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Curr Opin Psychiatry. 2012 Mar;25(2):109-13. doi: 10.1097/YCO.0b013e3283503510.

New developments in the understanding and management of persistent pain.

Author information

1
Department of Cognitive and Clinical Neuroscience, Central Institute of Mental Health, Heidelberg University, Mannheim, Germany. herta.flor@zi-mannheim.de

Abstract

PURPOSE OF REVIEW:

It is proposed that central rather than peripheral factors may be important in pain chronicity. We review recent empirical findings on these processes and discuss implications for treatment and prevention.

RECENT FINDINGS:

The literature on neuroimaging of pain and on learning processes shows that learning-induced functional and structural brain changes involving sensorimotor, as well as limbic and frontal, areas are important in the transition from acute to chronic pain. These alterations share many similarities with brain changes in emotional disorders and the specificity for pain needs to be determined. Further important contributors to chronic pain may be disturbed processing of the body image, impaired multisensory integration and faulty feedback from interoceptive processes. These findings have led to new treatment approaches that focus on the extinction of aversive memories, restoration of the body image and normal brain function and include approaches such as brain stimulation, mirror training, virtual reality applications or behavioral extinction training.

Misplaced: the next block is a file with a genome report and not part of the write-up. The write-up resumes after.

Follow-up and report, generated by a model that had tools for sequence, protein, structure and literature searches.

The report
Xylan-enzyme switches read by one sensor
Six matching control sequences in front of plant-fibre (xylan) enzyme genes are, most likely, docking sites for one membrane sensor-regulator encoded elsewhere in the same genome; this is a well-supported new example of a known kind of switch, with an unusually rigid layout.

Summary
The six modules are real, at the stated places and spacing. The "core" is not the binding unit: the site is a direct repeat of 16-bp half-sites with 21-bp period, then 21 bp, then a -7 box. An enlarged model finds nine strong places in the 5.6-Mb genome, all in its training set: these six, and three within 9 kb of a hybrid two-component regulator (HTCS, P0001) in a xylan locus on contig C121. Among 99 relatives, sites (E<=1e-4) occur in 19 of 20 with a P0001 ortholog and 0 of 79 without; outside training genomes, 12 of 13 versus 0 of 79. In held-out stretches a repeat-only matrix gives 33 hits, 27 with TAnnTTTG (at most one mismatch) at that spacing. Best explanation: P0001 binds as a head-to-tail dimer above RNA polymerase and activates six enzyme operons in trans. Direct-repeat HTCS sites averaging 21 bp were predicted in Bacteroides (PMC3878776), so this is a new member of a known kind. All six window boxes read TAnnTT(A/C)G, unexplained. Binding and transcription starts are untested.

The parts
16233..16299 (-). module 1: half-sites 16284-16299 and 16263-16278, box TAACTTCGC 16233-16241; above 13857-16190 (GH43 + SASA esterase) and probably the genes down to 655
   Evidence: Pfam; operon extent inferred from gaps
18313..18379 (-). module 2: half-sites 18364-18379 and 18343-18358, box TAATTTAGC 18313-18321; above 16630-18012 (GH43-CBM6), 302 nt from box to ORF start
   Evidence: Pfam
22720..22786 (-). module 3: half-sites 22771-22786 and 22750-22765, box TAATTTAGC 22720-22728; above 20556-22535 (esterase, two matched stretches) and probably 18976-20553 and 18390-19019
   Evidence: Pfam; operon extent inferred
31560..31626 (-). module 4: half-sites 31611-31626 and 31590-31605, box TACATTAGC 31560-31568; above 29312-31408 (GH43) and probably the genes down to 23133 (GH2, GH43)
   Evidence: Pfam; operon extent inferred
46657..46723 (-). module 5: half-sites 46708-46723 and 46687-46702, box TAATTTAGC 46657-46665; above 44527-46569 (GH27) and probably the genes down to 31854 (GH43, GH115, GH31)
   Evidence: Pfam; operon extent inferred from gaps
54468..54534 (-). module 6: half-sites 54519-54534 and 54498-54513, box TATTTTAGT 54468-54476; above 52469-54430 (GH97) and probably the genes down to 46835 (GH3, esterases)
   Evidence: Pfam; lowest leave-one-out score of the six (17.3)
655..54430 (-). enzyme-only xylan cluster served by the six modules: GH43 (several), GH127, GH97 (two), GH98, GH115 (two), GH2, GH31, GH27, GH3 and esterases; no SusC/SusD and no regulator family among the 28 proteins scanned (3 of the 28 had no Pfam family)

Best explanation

SUMMARY:

We propose that chronic pain is characterized by learning-related and memory-related plastic changes of the central nervous system with concomitant maladaptive changes in body perception. These alterations require new treatments that focus on the alteration of central pain memories and maladaptive body perception.

PMID:
22227632
DOI:
10.1097/YCO.0b013e3283503510
[Indexed for MEDLINE]
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